By all account, this year's incantation of the Outside Lands music, art, food and beverage festival was the most successful in the event's six-year history.
Statistically, it was the largest audience yet, with more than 200,000 people in attendance during the three days of the festival.
Augmented by Paul McCartney's massive stage production, the main Lands End stage was the largest ever assembled in Golden Gate Park. This year saw the expansion of the carefully selected concessions, representing more than 70 of the finest local restaurants, more than 35 of the nearby wineries and no fewer than 16 beer breweries. The festival featured more than 80 of the top touring performers in music today, including representatives of nearly every pop music genre, on four main stages.
If that wasn’t enough to keep festivalgoers busy, there were several smaller live music stages, a Heineken dance music dome, featuring top DJs, and the Barbary circus tent, with a hefty performance art schedule, and shows by some of the top comedians from across the country.
The highlight of the festival had to be the day one headline performance of monumental proportions by former Beatle McCartney. For McCartney himself, it may seem a bit like being in the movie Groundhog Day, in which Bill Murray is condemned to repeat the same day of his life ad infinitum. McCartney has been touring with the massive custom stage, complete with one-of-a-kind, giant vertical digital video screens, since his 2009 appearance at Coachella music festival. That was his first big show in the United States in decades and the debut of his massive new set. It was also the last big-ticket classic rock band to headline that festival.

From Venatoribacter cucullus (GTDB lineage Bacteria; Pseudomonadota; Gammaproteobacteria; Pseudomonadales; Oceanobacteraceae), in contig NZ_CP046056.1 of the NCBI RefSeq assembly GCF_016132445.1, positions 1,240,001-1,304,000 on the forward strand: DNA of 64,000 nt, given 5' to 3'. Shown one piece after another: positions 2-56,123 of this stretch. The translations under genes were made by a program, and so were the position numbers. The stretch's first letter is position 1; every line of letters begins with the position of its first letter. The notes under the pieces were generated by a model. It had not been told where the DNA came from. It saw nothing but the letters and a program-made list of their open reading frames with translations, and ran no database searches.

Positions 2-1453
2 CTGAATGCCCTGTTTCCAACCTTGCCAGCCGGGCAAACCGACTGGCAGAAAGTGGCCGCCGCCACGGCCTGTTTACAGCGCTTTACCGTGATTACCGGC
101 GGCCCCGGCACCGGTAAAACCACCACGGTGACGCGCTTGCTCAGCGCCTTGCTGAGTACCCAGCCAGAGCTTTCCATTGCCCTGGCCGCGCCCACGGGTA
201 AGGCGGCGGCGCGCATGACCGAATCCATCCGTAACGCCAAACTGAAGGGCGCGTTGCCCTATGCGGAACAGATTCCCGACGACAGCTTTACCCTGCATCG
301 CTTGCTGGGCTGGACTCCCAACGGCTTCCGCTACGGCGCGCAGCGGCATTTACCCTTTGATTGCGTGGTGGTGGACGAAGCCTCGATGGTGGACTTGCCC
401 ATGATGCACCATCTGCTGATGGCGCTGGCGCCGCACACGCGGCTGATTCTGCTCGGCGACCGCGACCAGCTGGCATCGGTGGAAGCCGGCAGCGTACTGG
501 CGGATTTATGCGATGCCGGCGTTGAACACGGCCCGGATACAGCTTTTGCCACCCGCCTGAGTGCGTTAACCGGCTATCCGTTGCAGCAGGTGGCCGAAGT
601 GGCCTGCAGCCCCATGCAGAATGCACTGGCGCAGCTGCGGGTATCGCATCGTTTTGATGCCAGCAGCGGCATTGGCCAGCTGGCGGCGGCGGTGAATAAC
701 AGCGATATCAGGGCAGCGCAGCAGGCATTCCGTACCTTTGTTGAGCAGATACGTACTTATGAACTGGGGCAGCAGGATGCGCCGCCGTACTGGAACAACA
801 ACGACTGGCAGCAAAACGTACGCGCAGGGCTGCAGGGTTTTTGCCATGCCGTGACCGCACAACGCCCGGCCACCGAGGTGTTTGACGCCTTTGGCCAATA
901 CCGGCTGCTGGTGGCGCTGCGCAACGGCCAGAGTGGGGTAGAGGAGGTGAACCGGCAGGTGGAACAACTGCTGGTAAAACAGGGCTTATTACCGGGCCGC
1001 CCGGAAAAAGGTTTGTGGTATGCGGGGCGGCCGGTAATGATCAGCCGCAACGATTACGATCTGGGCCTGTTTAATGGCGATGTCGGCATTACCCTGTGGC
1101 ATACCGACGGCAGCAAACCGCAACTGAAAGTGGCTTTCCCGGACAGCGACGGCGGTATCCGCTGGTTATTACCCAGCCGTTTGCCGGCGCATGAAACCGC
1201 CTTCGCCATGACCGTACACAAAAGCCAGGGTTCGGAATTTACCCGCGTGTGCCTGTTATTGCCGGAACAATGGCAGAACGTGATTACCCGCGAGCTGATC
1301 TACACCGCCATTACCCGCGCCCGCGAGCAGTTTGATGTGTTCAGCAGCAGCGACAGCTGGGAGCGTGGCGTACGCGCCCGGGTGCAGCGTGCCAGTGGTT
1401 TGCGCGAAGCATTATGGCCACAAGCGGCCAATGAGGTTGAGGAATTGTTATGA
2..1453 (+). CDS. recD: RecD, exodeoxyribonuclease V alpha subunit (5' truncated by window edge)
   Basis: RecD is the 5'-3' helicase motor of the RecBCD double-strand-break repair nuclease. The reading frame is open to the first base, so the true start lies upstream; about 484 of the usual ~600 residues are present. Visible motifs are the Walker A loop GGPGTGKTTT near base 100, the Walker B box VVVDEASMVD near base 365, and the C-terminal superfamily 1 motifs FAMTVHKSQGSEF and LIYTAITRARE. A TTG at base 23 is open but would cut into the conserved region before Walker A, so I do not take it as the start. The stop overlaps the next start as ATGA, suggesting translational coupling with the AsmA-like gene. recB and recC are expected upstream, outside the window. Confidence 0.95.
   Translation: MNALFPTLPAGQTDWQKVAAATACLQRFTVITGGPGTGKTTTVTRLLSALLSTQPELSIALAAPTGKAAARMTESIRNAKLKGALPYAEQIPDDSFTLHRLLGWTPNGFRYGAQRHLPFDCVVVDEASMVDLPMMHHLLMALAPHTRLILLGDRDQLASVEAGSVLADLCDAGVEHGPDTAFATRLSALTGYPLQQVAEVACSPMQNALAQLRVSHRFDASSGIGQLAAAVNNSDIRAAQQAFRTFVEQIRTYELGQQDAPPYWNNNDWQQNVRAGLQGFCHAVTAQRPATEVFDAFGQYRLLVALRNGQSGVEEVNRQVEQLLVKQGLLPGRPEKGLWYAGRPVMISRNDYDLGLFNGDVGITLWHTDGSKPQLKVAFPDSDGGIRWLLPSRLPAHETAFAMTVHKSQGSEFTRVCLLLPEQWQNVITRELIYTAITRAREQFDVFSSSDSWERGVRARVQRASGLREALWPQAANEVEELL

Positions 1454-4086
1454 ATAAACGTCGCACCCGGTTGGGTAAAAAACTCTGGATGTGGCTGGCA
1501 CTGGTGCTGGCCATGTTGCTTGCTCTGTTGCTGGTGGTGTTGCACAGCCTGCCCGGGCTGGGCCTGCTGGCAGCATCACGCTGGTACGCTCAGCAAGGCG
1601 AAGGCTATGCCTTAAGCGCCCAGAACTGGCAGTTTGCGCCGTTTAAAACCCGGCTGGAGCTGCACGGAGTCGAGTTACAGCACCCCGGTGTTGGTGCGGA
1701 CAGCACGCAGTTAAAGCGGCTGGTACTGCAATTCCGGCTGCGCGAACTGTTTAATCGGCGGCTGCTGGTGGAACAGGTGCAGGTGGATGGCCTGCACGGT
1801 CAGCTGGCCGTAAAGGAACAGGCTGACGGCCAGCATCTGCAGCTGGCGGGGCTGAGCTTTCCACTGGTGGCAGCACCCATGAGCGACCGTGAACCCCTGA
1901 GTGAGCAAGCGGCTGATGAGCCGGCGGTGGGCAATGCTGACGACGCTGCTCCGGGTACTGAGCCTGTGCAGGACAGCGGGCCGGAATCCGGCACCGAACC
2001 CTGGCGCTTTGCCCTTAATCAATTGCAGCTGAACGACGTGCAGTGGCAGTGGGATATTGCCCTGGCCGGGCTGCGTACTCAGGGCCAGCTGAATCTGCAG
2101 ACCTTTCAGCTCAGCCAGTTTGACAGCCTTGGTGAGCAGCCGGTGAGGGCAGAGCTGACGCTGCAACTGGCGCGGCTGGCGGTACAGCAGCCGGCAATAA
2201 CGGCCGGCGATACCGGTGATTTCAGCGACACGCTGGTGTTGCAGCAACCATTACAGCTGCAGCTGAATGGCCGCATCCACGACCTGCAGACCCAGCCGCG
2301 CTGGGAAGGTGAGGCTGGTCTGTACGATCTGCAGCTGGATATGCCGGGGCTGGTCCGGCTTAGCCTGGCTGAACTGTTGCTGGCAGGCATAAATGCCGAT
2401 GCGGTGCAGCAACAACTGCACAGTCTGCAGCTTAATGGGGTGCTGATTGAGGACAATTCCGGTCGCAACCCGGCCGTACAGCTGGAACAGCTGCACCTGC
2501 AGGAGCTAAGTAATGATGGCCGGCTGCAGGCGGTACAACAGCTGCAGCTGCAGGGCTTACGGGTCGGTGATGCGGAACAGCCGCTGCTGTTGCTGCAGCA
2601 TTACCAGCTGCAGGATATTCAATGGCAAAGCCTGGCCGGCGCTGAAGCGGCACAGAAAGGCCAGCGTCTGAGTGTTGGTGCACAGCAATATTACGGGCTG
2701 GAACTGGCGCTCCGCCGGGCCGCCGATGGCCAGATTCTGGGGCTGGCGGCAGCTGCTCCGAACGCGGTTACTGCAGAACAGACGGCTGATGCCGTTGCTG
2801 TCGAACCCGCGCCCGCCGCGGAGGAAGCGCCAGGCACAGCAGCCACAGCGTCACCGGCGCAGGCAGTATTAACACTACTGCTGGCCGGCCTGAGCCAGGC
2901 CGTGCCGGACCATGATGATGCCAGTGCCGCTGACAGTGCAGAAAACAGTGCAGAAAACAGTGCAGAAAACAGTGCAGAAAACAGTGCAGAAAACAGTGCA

Since then, the consummate showman has tweaked his set, including the recent addition of six new songs to his repertoire. He added these to his extensive set at the beginning of the newest leg of his tour, which began in Brazil this year. But the core of his set list has remained the same, with most of his iconic songs each accompanied by a massive custom video and light show, created long ago.
But the most startling regiment in his now nearly four-yar on-and-off tour is his almost verbatim banter between songs. From his early on comment, “Let me stop and take a minute to take it all in,” to his song anecdotes, like the story of being in the audience with Eric Clapton at a Jimi Hendrix concert, nearly every word is precisely choreographed — for each and every concert. Even his outfit is choreographed like that of a performance artist. The former Beatle always first appears onstage in a formal, long English-style top coat. After several songs he sheds his coat, revealing his trademark Beatles-style white silk shirt and black tie. By the end of his marathon set, he has rolled up his sleeves, shed his tie and ends up looking a bit like a sweaty blues singer in a nightclub.
This scenario is repeated ad infinitum on his tour. This may not be a negative thing, however, as most fans have probably never seen a Beatles concert, and few have even seen a McCartney concert, so every word of Sir Paul's regimented presentation seems tailor made to address and educate an adoring crowd.
Of course, a concert is all about the performance and music, and there couldn’t be a bigger or better performance than the 39-or-so-song set list that the legendary musician offers up. This is especially true, since most of the songs are culled from the Beatles' extensive catalog of classics.